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Floyd Mayweather Sues New Orleans Wine Bar for Ruining his Reputation and Profiting Off His Face

Posted on 02/11/2013

By Bryanna Fissori
Legal Analyst

The Mayweather legal team is hard at work once, on one of those rare occasions where they will be preparing as the plaintiff instead of the defendant.

On Thursday, February 7, 2013 Mayweather filed a claim with the Nevada District Court against New Orleans bar and nightclub “Wine Bistro, LLC,” and promoter “2nd To None Entertainment, LLC.” The cause of action is Trademark Infringement.

The case arises because of false advertisement made by the Wine Bistro using Mayweather’s name and photo on posters and flyers stating that he and “The Money Team” would be present at the business as Guest Hosts for a Super Bowl kickoff party on Friday, February 1. The Money Team is a group of high profile friends of Mayweather’s including, but not limited to Justin Bieber, Li’l Kim, 50 Cent and Miss Jackson.

In the legal complaint, Floyd Mayweather contends that he did not know of the party or the rumors that he would be there until he was made aware of it on January 30, which was two days prior to the event. It also states that on that date, cease and desist letters were sent to both the Wine Bistro and the promoter (2nd To None) by overnight mail and email. Tickets already had been and were being sold for the event ranging in price from $50 to $100.

On the day of the event, the promoter conveyed to Mayweather’s legal counsel that he “booked” the boxer through a third party, but the booking contract has yet to be provided for review. If a third party is identified, they will undoubtedly be added to the suit and likely face a suit from not only Mayweather, but the 2nd To None and Wine Bistro as well. Mayweather contends that his appearance at such an event would range in the neighborhood of $100,000 to secure.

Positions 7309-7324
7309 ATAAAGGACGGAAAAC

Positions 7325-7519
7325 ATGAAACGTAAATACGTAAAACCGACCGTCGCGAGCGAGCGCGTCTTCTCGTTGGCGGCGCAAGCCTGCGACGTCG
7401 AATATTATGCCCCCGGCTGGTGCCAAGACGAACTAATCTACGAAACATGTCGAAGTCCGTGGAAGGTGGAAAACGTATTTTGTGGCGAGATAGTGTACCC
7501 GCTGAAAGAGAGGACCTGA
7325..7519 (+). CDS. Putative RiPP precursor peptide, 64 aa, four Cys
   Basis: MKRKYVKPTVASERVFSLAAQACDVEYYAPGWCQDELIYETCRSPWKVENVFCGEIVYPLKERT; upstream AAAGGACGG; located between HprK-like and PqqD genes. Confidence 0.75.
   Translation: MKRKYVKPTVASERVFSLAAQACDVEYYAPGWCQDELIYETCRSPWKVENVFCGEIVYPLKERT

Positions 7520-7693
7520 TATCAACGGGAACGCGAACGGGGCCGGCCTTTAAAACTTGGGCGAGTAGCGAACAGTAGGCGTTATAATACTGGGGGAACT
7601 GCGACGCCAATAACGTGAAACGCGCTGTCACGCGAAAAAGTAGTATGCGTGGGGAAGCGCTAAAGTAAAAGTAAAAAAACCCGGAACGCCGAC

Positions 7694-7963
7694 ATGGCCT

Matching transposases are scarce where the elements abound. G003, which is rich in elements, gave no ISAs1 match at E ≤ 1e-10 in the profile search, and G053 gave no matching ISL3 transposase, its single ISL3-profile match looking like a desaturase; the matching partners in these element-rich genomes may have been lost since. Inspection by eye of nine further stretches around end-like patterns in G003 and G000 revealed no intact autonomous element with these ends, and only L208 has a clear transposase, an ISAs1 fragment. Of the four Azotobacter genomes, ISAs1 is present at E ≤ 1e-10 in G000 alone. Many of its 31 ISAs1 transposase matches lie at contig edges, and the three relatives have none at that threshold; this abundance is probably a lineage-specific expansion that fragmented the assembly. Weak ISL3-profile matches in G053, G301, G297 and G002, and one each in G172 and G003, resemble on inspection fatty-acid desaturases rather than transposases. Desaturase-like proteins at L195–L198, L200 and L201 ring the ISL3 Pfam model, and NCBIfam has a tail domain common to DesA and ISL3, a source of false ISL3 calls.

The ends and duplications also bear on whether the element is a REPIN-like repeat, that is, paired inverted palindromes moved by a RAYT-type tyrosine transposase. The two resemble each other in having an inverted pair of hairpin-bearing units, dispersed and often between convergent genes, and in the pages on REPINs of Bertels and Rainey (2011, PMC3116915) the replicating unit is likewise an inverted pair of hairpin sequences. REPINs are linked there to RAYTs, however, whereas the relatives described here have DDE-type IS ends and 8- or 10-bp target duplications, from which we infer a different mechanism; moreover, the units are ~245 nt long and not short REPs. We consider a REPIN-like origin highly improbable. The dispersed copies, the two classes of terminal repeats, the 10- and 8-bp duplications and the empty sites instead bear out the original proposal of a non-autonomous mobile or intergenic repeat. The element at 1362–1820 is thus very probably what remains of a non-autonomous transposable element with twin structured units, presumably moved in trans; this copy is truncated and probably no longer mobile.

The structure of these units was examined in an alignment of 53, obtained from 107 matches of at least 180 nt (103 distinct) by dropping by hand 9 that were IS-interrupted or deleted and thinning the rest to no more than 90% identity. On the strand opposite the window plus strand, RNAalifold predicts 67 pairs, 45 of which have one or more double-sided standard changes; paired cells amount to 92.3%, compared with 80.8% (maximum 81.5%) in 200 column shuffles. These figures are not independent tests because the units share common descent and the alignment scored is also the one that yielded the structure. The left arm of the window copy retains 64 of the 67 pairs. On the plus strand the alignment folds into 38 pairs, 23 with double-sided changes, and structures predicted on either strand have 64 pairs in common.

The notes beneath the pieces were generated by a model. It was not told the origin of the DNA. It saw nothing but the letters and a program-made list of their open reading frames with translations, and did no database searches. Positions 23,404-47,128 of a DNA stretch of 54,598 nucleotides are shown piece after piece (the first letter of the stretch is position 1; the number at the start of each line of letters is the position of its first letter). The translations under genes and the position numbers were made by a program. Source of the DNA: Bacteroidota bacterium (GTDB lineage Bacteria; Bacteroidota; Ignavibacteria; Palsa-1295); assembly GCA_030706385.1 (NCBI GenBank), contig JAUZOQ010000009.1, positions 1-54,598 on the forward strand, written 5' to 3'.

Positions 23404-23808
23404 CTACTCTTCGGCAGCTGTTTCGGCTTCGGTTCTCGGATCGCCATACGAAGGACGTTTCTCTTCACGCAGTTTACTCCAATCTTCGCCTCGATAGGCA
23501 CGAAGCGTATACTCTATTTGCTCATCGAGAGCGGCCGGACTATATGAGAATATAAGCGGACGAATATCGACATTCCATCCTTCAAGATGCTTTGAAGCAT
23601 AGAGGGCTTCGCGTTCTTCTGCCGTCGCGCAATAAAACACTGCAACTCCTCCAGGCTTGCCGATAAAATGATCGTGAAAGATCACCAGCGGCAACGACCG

The exact causes of action asserted by the Mayweather legal counsel are:

1. Unfair Competition under 15 U.S.C.§ 1125(a)

2. Violations of Rights of Publicity Under N.R.S. §597.770 et seq

3. Common Law Trademark Infringement

4. Deceptive Trade Practices under N.R.S 598.0903, et seq

5. Unjust Enrichment

The majority of Mayweather’s assertions revolve around concerns that the Wine Bistro and 2nd To None financially benefited from wrongful use of his name and likeness, that the false representation was damaging to Mayweather’s reputation and thus his ability to secure other similar endeavors. People who may have wanted to contract him for similar events will think he is unreliable. The complaint also makes clear that now he has to pay his legal team to take care of cleaning up the mess.

They are seeking “compensatory, consequential, punitive and/or statutory damages in an amount determined at trial,” as well as injunctive relief to cease any further use of Mayweather’s name or likeness, attorney’s fees and whatever else the court may feel like giving them.

Mayweather does not need to succeed in all five counts to obtain award damages, and without the completion of discovery, some areas, such as the actual monetary benefit to the defendants, cannot be fully taken into consideration. The addition of a third party booking agent may change the degree of liability placed on the current defendants.

Currently, all of the photos and promotional ads regarding the Mayweather Super Bowl Kickoff Party have been removed from the Wine Bistro facebook page. That being said, it is more than likely that the publicity from being sued by “The best pound per pound fighter in the world and the greatest technical fighter of all time,” as stated in the Mayweather’s complaint, is going to boost the business’s visibility. It is said that there is no such thing as bad publicity, and few know that better than Floyd Mayweather.

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